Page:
It seems that these days everyone is on Facebook. We use it to keep in touch with other people and share information, no matter how mundane or personal it may be. As my colleague Nanette Cruz notes in her recent blog post, Facebook users are beginning to feel the legal impact of status updates or photos. But do they fully understand how much of their profile is properly “theirs”? Once they post information or photographs on Facebook, who owns it? And more importantly, when a user dies, does their online profile die as well?
According to the Facebook Terms of Service, users can manipulate how their content is shared. But once you click “share”, you grant Facebook the “non-exclusive, transferable,…royalty-free, worldwide license” to use your intellectual property, which includes photos and videos. Intellectual property, in short, is an intangible, unique thing you own. Usually, as the word “intellectual” implies, these products are from your mind, such as a song, a poem, or a photograph. Many Facebook users just post photos of events or their friends and family. But others may use Facebook as a means to promote their artwork or music, and this is when ownership rights need to be clarified. Facebook’s Terms state that they can’t make money from the property and their property rights end once the user takes the content down, but that doesn’t mean Facebook can’t share your active content without getting your permission first.
Social media sites rely on a user’s individual thoughts, so could profiles in general be considered as intellectual property? I don’t think it is unreasonable to say so. If users are given legal control of their profiles and content, do they also have the right to say what happens to it after they pass away? What about the active content on the profile? Thinking about what to do with your belongings after you die can be a depressing subject. For that reason, some people avoid the subject until it’s too late. But even the most proactive people who write a will early on in life may not think about what happens to their online accounts after death.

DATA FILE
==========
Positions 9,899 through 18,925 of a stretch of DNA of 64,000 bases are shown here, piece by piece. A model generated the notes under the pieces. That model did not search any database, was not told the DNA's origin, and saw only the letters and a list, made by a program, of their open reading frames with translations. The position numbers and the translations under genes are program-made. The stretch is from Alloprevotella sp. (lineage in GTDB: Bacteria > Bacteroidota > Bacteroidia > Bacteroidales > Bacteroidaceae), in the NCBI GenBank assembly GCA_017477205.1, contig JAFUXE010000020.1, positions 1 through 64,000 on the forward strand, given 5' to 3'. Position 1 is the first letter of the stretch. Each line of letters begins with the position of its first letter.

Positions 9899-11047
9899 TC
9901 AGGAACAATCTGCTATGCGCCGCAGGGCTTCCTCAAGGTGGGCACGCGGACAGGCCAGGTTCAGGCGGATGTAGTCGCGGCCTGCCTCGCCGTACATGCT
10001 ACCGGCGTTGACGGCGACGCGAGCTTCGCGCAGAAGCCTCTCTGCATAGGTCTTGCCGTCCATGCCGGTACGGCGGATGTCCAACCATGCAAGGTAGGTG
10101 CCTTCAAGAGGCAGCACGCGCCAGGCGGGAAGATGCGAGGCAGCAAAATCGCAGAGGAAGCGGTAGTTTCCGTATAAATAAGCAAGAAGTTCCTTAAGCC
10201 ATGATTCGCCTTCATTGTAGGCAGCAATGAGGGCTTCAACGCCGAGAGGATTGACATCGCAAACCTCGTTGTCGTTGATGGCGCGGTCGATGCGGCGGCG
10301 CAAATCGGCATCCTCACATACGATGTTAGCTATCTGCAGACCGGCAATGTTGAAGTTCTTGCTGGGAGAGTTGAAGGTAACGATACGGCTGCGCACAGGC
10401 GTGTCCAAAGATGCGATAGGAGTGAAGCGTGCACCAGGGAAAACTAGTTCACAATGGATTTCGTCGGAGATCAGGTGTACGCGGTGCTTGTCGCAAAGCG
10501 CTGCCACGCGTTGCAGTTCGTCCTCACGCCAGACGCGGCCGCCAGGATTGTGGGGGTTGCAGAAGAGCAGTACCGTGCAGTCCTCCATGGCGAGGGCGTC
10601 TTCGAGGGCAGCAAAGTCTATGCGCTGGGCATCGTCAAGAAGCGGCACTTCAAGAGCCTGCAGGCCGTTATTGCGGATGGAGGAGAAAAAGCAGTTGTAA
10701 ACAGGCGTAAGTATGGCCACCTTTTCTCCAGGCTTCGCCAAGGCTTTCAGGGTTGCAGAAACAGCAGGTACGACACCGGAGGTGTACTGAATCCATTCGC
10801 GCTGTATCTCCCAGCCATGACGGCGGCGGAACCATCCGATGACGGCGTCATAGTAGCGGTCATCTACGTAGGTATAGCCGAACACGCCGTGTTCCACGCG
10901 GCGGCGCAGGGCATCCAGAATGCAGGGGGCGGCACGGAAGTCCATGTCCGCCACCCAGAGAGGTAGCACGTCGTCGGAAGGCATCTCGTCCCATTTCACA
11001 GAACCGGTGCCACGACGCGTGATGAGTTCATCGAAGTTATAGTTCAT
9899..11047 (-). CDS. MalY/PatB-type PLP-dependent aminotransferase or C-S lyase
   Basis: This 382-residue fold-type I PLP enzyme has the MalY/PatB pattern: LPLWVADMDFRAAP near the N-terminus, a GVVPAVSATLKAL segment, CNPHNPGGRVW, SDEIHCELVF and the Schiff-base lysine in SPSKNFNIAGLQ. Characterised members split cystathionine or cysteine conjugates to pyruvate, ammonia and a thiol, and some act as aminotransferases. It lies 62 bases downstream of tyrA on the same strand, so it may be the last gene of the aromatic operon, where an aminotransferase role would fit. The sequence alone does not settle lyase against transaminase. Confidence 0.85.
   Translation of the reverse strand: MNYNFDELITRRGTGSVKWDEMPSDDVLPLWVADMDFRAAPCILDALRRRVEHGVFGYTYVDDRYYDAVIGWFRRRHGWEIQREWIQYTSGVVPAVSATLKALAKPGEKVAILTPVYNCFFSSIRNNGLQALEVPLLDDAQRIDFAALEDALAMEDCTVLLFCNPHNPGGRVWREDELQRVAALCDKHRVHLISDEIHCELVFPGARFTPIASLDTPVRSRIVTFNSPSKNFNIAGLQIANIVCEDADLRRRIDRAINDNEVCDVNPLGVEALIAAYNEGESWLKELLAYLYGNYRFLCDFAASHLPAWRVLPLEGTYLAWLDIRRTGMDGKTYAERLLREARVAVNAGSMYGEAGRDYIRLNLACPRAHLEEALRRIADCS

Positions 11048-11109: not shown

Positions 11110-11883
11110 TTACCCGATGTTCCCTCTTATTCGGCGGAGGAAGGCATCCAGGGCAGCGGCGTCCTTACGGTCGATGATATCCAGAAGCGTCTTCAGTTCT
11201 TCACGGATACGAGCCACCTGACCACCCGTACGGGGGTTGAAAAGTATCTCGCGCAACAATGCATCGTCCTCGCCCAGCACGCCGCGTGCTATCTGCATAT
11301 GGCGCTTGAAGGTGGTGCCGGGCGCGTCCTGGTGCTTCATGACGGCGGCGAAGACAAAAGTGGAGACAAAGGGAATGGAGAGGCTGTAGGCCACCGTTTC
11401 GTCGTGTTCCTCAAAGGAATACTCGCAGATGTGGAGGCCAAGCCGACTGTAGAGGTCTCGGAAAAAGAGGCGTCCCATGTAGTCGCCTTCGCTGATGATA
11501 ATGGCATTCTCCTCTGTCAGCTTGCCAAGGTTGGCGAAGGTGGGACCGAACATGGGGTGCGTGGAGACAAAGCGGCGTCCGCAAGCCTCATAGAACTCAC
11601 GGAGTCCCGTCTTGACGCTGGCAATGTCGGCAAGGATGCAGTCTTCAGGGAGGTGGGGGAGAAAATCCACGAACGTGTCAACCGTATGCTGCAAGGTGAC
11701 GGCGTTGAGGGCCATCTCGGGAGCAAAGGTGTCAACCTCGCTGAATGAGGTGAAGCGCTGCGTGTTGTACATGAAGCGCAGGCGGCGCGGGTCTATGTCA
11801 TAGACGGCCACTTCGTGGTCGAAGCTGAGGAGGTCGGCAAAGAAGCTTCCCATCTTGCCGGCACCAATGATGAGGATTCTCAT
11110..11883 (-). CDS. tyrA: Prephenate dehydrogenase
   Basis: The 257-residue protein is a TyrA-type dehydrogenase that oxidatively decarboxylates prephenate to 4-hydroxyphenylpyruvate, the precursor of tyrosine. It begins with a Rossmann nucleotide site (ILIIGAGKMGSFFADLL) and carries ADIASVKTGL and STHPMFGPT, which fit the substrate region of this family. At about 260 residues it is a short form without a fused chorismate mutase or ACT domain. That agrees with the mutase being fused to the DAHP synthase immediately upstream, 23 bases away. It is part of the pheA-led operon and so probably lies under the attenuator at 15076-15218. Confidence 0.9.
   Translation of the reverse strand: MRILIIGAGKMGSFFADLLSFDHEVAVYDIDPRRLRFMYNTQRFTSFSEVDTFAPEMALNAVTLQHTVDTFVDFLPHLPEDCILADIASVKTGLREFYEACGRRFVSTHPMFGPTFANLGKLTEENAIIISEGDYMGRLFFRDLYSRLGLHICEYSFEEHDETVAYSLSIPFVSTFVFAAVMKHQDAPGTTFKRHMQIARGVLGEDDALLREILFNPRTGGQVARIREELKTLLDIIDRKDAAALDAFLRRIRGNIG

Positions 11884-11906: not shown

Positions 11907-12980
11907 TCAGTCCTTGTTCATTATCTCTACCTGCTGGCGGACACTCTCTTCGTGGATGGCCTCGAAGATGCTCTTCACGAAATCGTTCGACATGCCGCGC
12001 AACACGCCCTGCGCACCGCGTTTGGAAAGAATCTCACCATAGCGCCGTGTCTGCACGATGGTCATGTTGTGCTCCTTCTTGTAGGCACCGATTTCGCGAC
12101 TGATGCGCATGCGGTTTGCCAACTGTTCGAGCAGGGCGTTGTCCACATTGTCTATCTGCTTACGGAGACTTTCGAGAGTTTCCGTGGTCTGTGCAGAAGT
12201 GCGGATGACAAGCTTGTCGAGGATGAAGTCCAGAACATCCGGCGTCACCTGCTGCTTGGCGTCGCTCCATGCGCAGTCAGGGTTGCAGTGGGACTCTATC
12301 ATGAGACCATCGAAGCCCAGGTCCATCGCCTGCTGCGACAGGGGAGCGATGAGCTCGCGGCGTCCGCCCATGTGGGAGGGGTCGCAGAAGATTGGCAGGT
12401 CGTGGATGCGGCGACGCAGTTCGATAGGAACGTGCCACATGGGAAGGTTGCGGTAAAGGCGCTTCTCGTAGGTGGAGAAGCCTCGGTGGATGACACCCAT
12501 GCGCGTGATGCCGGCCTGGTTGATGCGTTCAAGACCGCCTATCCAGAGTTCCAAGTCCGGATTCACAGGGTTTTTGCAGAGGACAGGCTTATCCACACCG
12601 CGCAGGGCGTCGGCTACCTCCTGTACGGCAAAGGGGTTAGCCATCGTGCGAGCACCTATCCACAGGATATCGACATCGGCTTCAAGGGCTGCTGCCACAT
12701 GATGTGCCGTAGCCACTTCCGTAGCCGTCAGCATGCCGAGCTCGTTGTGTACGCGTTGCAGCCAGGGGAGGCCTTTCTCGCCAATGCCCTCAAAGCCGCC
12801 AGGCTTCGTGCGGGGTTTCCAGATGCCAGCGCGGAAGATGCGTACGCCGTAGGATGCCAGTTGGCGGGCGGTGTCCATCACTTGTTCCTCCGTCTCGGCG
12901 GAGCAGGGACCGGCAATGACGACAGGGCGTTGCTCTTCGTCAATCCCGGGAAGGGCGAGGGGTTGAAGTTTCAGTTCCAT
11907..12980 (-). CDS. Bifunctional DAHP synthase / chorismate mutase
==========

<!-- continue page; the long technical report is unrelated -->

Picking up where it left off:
Facebook has thought of a solution for this also. The family and friends of a deceased user have two options: they can memorialize the account or request that it be deactivated. Unfortunately, algorithms don’t take into account the emotional trauma that a survivor experiences when they see a box in their mini-feed reminding them to “reconnect with” someone who has passed away. The best way to avoid these technological oversights is to notify Facebook.
Family and friends can not, however, get the user’s login information. Even leaving specific instructions to do so in your will may be a grey area at this point. Because this issue is emerging the legal world, Facebook may be reluctant to give up a user’s information without very clear language. If the deceased person used Facebook to promote themselves as an artist or musician, then their property rights could be compromised by this barrier. Although Facebook strives to protect each user’s privacy, it can create a problem when a user’s loved ones want to protect property rights after their death. Family and friends wouldn’t be able to log in and save the content if the user had not made their wishes explicitly known in a will.
The law can’t always keep up as technology and cultures change. Laws may overlap and contradict with each other. In Facebook’s case, these laws include a user’s right to privacy and to own their intellectual property. Until more specific rules are developed, individuals can protect their rights and interests the old fashioned way: by planning an estate and having their wishes written in an official document. Other attempts at resolving this situation could lead to painful reminders that your loved one–and their creative legacy–has been lost.